Only Buhari can disagree with Obasanjo and survive it – Femi Adesina
Presidential spokesperson Femi Adesina in an article titled ‘Buhari’s applause for Akinwumi Adesina’ on Thursday September 3, described Buhari as the only person that can disagree with former President Olusegun Obasanjo and survive it.
Relishing Akinwunmi Adesina’s re-election as African Development Bank (AfDB) president, Femi Adesina stated that it took grit, guts and God for the former Minister to win. He likened Buhari’s support for Adesina’s re-election in spite of America and some other world powers’ objection, to “Chief Olusegun Obasanjo telling you to dismount from the horse of leadership in Nigeria”.
The strife is o’er, the battle done. But it was by no means easy. It took so much: tact, diplomacy, guts, deft footworks, prayers, yes, prayers, and so many other things.
But today, we can noise it all around. Dr Akinwumi Adesina is now elected for another five-year term as President of African Development Bank (AfDB).
If America and some other world powers come after you, you have every right to shiver in the broiling sun. It’s like Chief Olusegun Obasanjo telling you to dismount from the horse of leadership in Nigeria. Only a Muhammadu Buhari can look him straight in the eyes, and say; No sir. And survive it.
Akinwumi Adesina fought the good fight for the AfDB diadem, won in brilliant fashion, and is already inaugurated for a second term in office. But it was not by a sudden flight. It took grit, guts and God.
How did President Buhari get the news of an Adesina victory in an election that we were very hopeful, but which nobody knew cocksure how it would go?
We were at the National Council of State meeting on August 27, 2020. Incidentally, it was the 35th anniversary of the military coup that ousted the then Major General Muhammadu Buhari from power as head of state. The man that struck in the palace coup was the Chief of Army Staff, Gen. Ibrahim Badamasi Babangida.
Babangida ruled for eight years, and left in less than glorious circumstances. Buhari, overthrown and detained for over three years, coasted back to victory as civilian President 30 years later.
That day, on the 35th anniversary of the coup, IBB, as he is generally known, was in virtual attendance at the National Council of State meeting from his home in Minna, Niger State. And Buhari was in the Council Chambers, at the Presidential Villa, as the country’s number one man. What was going through the minds of both men? Only God, the omniscient, would know.
“If you can look into the seeds of time, and say which grain will grow, and which will not. Speak then to me, who neither fears your favor nor your hate,” William Shakespeare had written in Macbeth. In 1985, when the putsch occurred, no one could look into the seeds of time, and declare that 35 years later, Buhari would be President, and Babangida would be attending a meeting with him as former leader. This world! It turns and turns in the widening gyre. May it always turn in our favor. Amen, somebody!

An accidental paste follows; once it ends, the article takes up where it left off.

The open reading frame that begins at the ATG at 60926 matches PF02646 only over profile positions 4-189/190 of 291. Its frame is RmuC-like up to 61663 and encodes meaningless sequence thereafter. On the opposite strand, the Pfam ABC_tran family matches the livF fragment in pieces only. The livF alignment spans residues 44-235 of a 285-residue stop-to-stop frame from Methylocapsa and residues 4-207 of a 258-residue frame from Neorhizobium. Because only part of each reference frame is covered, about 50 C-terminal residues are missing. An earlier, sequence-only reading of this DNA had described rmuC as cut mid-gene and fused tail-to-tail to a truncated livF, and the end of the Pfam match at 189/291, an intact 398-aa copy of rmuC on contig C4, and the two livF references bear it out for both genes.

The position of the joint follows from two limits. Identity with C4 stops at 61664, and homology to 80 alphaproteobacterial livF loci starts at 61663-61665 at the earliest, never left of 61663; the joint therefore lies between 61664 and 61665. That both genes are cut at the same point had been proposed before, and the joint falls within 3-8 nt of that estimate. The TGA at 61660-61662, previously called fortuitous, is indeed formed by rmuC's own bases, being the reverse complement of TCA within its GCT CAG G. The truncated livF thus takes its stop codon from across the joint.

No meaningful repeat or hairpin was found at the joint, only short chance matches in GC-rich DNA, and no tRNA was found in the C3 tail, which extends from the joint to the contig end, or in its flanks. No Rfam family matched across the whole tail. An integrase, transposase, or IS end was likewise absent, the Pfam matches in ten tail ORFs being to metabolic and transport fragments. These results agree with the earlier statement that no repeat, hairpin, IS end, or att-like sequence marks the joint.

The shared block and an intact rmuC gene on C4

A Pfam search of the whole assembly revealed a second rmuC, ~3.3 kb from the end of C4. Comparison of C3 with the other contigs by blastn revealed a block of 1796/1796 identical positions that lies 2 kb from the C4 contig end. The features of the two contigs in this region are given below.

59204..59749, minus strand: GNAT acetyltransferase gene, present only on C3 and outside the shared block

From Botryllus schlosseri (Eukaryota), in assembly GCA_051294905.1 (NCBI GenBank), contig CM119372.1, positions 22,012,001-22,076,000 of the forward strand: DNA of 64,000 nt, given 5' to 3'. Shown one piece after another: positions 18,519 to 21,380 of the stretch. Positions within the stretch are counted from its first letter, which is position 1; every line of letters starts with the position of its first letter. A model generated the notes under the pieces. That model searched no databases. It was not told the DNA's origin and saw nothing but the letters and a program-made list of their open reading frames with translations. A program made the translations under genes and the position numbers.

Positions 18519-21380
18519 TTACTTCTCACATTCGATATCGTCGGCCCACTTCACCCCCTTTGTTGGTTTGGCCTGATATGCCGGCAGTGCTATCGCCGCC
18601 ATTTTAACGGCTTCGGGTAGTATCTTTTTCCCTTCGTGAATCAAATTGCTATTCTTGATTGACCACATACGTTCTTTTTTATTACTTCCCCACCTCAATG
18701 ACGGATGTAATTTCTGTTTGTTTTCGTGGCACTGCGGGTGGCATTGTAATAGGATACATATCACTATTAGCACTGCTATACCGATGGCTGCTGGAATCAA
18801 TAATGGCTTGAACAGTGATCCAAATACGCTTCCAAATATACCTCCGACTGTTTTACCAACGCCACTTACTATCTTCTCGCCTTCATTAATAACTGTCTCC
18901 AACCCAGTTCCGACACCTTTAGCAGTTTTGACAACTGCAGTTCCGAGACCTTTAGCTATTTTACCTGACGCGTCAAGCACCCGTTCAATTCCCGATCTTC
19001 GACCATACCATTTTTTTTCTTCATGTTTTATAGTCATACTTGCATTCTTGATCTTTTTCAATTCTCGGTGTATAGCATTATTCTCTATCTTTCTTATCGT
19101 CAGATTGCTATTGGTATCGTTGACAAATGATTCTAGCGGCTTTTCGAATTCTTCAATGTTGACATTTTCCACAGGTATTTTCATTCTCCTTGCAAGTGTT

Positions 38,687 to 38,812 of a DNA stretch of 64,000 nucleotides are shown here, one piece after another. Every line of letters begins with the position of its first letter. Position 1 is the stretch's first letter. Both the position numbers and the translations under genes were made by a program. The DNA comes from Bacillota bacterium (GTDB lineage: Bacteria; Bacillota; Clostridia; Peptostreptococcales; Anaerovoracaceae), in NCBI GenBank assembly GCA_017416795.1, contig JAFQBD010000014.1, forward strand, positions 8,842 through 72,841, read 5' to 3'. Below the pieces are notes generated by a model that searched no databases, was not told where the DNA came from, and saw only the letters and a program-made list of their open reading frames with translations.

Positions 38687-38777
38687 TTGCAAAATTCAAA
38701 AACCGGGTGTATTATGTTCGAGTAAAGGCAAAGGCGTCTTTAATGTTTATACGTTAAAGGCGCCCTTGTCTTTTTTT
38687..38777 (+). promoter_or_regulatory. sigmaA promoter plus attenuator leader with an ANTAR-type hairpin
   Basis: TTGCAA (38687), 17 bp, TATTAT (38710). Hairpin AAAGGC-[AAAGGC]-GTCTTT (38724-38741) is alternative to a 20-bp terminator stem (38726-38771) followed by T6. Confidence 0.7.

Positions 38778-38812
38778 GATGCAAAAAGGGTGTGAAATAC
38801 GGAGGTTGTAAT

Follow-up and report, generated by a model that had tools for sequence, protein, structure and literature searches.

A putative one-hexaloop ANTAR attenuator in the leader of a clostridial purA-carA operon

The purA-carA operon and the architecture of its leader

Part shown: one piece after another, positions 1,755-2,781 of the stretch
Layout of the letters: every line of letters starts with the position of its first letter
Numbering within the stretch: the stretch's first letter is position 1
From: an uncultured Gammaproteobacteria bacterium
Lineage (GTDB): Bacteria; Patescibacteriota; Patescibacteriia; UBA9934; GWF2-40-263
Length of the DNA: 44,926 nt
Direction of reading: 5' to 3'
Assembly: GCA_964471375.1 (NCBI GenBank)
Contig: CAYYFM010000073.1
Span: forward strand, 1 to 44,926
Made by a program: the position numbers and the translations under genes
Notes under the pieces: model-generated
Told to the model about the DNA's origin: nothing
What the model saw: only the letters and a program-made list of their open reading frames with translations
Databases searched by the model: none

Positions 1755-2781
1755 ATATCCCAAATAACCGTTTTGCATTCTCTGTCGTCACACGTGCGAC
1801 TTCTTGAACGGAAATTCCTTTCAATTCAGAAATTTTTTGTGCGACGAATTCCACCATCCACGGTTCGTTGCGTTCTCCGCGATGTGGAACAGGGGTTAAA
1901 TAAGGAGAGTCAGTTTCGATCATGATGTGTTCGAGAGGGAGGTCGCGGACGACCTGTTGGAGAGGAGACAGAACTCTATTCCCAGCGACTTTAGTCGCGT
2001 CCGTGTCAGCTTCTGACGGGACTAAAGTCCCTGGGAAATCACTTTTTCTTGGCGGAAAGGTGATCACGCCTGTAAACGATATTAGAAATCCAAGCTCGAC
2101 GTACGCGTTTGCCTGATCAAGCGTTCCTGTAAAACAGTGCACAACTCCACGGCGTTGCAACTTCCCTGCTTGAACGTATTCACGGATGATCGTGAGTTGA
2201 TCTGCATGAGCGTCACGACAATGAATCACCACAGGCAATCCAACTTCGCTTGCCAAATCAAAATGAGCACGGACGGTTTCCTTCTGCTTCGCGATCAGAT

But we were talking about Dr Akinwumi Adesina, so let’s get back to our subject.
That meeting was in progress when Secretary to the Government of the Federation, Mr Boss Mustapha, made an interjection. He announced that voting had been concluded in the AfDB election going on in Abidjan, Cote D’Ivoire, and Nigeria’s Adesina had won by a landslide, getting 100% votes of regional members, and 100% votes of non-regional members of the Bank.
We first didn’t know how exactly to respond in such solemn meeting that had former leaders like Gen Yakubu Gowon, Ibrahim Babangida, Ernest Shonekan, Abdulsalami Abubakar, Goodluck Jonathan, many retired Chief Justices of the Federation, 34 of the 36 state governors, some serving Ministers, and many others in attendance. But President Buhari led the way. He broke the ice. He started clapping, applauding the election result all the way.
Others joined, and the applause lasted for a while. You could see the delight on all faces. The President had that smile that usually makes him winsome and youngish. And when the clapping quietened, he declared: “He deserves it.”
Yes, truly, Dr Adesina deserves it. He had served well in the first term. He had done Africa well, and Nigeria was proud of him. He deserved a second term without hassles. But plenty hassles they gave him, and plenty hassles he got.
As elections approached, America suddenly decided it didn’t want Adesina as President again. It told him to get off the horse. Different things began to happen.
First, some whistleblowers leveled 16 allegations of unethical practices against the AfDB President. A panel was set up to probe him. Adesina wrote his defense in 250 pages. Not a line of it was faulted, and he was exonerated by the Board of Governors of the Bank.
America kicked. It called for an independent, external party to look into the findings of the panel. It was done, and Adesina came forth shining as gold again.